24. How exactly is a $100K license outrageous? The only reason you would buy one under HB616 is because the market price for a license in your city is higher than $100K. In most large cities they are over that amount which means instant equity. Small city or county brewers will pay half that to nothing, but even then a license isn't required until 300 barrels are sold across the bar, which is more gross sales than many bars in the state. For new brewers, after a they hit the 300 barrel limit (est $250K+ gross sales) with limited hours and 48oz limits they can plan moving up by selling more wholesale or by continuing the retail route by buying a license ,under the same ownership, at an amount set buy the quality of market they opened up in.

    The real oddity in this issue is the beer distributors association who have threatened some brewers not to support HB616 or risk losing position in the supermarkets where most sales of beer take place. The MTA wants microbreweries to join them as members/friends not crush them and have offered the easy in to compensate breweries for investing in the game as the rules were written when they made their investments. The self serving motive for the tavern owners is shoring up the current system which provides stability, adding additional options/excitement for their industry and protects their investment. The distributors however have more to gain in crushing tap rooms because they get no piece of tap room business or self distributed kegs. The big question is what are the distributors up to? Maybe they see this license change for brewers as bad for people in the business of trucking beer.

  25. I figured I had better give my two cents since my brewery has been brought up in this conversation. I own Bowser Brewing in Great Falls and about 5 months into being open we decided to start distributing and I went around with the distributors personally to start building relationships with the bars in town. Many of the bars were pissed they could not get our beer immediately but we didn't have the money for kegs and a keg washer right away, which is why we waited 5 months to start distributing. Also when we did start distributing we wanted to keep it small at first so we weren't taking on more accounts than we could keep up with and that made some bars unhappy as well. Its not that we were denying these bars beer we just wanted to give them great service and make sure they always had our beer on tap. Now that I know we can keep up with demand I would love to have beer in every bar in town but it is hard when the bars won't give you a shot. As for the other breweries in the county, they both are simply distribution breweries, the other brewery in Great Falls doesn't have a tap room and the one in Belt has a very small one but relies mostly on distribution. So me being the odd man out the local MTA thought a boycott was the way to go. That is why I sell so much out of my tap room, not by choice, I have been forced into it by the local MTA not carrying my beer, I have talked to many of the members to see what I could do different to change their opinion about my brewery and nothing has worked so far. Luckily I have a loyal following here and Great Falls that pays the bills.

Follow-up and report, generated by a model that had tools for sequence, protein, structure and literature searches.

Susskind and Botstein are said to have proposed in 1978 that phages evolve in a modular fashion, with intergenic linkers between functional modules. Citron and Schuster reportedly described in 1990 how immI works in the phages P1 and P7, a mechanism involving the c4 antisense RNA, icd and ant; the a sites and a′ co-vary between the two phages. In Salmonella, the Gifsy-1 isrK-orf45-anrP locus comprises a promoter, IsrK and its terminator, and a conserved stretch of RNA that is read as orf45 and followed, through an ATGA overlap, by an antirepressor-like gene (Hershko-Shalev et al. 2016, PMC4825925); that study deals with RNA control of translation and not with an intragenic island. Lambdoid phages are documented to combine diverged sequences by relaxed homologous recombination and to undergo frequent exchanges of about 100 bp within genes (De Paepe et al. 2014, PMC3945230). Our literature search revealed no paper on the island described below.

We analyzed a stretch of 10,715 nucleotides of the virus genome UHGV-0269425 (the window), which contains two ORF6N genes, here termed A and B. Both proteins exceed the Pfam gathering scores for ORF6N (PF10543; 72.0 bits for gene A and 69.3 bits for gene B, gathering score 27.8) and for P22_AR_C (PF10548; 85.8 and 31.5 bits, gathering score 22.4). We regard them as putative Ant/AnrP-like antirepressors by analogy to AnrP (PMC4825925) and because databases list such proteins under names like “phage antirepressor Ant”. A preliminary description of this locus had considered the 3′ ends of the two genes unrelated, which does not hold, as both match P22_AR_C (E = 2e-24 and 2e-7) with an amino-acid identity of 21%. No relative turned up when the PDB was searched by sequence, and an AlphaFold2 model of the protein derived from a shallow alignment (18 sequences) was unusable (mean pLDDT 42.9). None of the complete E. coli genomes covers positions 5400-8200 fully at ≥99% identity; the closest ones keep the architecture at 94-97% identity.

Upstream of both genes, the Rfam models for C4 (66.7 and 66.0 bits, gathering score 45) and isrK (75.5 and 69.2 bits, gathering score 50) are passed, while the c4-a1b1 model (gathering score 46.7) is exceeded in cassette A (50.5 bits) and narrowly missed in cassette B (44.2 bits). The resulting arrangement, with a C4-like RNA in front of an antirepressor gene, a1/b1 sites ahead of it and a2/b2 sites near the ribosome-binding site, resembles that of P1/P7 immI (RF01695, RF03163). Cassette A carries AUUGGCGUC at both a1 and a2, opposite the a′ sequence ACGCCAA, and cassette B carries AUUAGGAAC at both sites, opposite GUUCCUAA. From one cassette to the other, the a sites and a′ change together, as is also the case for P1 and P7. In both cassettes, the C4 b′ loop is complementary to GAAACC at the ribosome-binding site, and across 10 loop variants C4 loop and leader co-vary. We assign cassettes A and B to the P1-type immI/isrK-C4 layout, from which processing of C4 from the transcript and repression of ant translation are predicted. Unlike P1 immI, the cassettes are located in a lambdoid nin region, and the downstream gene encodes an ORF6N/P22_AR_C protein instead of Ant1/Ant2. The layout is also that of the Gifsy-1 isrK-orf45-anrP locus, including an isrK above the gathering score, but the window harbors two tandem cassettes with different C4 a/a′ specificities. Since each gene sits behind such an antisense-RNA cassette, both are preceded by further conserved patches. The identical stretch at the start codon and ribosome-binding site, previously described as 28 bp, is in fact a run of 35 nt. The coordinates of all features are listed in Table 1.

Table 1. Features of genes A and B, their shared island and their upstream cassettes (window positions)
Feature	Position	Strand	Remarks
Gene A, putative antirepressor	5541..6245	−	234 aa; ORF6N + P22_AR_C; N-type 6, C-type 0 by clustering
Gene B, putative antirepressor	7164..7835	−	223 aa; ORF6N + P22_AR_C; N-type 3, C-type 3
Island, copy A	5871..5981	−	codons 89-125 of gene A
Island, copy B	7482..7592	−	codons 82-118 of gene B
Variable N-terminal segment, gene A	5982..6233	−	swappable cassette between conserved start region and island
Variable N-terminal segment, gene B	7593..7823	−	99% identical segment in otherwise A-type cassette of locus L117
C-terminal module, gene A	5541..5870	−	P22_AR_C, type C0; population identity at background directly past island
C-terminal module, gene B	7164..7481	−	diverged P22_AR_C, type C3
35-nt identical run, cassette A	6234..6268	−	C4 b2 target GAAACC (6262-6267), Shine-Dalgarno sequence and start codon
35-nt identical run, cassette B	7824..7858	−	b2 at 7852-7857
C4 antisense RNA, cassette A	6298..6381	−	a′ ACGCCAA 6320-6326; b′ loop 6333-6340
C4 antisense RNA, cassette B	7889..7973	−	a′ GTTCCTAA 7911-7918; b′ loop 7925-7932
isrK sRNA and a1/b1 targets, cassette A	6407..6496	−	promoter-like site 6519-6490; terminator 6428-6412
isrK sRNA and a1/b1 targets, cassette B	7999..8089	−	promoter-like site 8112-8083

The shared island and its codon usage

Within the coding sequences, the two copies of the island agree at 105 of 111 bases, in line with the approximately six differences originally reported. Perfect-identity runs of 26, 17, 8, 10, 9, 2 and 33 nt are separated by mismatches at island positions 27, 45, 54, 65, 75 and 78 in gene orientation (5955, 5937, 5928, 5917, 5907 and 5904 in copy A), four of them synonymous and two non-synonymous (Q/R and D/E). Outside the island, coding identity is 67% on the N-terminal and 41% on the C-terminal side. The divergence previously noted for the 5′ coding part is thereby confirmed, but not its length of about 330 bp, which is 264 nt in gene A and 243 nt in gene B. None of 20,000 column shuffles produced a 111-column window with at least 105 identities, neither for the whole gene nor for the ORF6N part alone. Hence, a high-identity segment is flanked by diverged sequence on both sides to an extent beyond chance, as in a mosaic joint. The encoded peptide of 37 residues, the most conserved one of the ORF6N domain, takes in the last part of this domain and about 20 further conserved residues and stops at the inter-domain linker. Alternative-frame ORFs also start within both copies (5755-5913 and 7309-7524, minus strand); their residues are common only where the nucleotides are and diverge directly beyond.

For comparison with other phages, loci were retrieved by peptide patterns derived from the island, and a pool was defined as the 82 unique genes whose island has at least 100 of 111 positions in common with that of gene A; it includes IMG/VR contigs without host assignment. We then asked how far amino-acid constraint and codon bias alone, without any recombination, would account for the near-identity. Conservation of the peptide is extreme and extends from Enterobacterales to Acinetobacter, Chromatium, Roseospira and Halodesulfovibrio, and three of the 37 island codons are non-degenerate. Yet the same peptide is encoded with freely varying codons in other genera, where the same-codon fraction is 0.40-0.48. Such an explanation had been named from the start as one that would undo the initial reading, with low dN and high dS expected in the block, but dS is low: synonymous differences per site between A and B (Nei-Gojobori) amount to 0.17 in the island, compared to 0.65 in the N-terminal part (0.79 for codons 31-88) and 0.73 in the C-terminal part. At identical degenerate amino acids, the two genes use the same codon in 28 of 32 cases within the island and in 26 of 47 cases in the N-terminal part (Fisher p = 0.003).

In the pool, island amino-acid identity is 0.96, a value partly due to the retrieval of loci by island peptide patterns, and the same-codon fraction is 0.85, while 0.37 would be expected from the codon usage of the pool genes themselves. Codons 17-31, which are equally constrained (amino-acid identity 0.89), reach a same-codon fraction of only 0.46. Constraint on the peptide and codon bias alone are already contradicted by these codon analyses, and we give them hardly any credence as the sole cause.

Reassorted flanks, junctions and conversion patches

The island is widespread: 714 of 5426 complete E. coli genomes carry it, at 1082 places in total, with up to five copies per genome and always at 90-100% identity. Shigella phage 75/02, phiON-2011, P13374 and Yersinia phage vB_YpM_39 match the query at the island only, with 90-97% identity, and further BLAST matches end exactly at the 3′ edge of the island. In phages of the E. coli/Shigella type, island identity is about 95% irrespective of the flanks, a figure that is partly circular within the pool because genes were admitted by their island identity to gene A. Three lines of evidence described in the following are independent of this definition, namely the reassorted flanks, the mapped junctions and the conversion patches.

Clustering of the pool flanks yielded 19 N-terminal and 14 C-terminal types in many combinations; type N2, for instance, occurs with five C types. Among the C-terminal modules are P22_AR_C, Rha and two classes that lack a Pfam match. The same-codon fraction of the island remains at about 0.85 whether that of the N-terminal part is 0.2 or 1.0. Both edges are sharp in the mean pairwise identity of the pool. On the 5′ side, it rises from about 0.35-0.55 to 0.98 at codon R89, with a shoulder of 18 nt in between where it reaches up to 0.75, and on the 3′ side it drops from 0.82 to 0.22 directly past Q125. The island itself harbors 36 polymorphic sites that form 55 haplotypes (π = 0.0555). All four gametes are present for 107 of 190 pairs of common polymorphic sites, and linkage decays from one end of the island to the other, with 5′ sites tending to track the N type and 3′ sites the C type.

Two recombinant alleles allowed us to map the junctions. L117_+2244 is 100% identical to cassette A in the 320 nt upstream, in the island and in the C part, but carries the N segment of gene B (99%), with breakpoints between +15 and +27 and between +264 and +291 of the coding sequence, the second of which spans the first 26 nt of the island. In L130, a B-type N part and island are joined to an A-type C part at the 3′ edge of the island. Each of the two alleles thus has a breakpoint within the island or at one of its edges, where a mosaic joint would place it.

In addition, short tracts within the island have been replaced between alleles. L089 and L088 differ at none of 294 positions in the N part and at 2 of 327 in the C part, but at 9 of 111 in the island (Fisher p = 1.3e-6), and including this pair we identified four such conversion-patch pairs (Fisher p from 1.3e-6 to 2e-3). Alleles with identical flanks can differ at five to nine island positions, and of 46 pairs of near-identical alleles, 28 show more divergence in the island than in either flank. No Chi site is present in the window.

26. Even, Why take a crack at Front Brewery by dismissively calling them a "distribution brewery"? I believe they only have a 10 barrel system and sell their own beer so how are they that different than you other than a glass wall? They have good beer, don't finger point or name call their customers. The answer could be some grand conspiracy or the simpler answer, which is usually the right one, is that YOU did something wrong and didn't make a good first impression.

  27. I don't think Evan was making a crack at The Front by calling them a distribution brewery. At least I didn't read it that way. The Front does distribute all of their beer - just like Tamarack, Montana Brewing Co. Red Lodge Ales, and several others - because that's the model they've chosen. I certainly don't think any less of either model, but it's a handy way to distinguish. I do appreciate that Evan is willing to publicly present his views so people can judge the credibility of his statements by knowing who is making them.

  28. I apologize for not posting my real name. I don't have a facebook page or other cool social media stuff. I honestly don't know what any of the profile options are for identifying yourself on a post here (OK I'm over 50) but anonymous looked easiest. I posted the "ridiculously simplistic" comment on: March 22, 2013 at 9:29 PM

    Shawn Modula
    Missoula, MT

    BTW: My "agenda" is just to see Montana become the best beer producing state in the country. If I have to drink a lot of great beers made in my hometown to support it--I'll take that challenge.

  29. Shawn,

    Thanks for dropping by and providing comments. I wish the blogging format I use provided an easier way for people to leave their names. As you've discovered, if you don't have one of the social media affiliations, you're kind of stuck picking "anonymous" and then leaving your name in the text.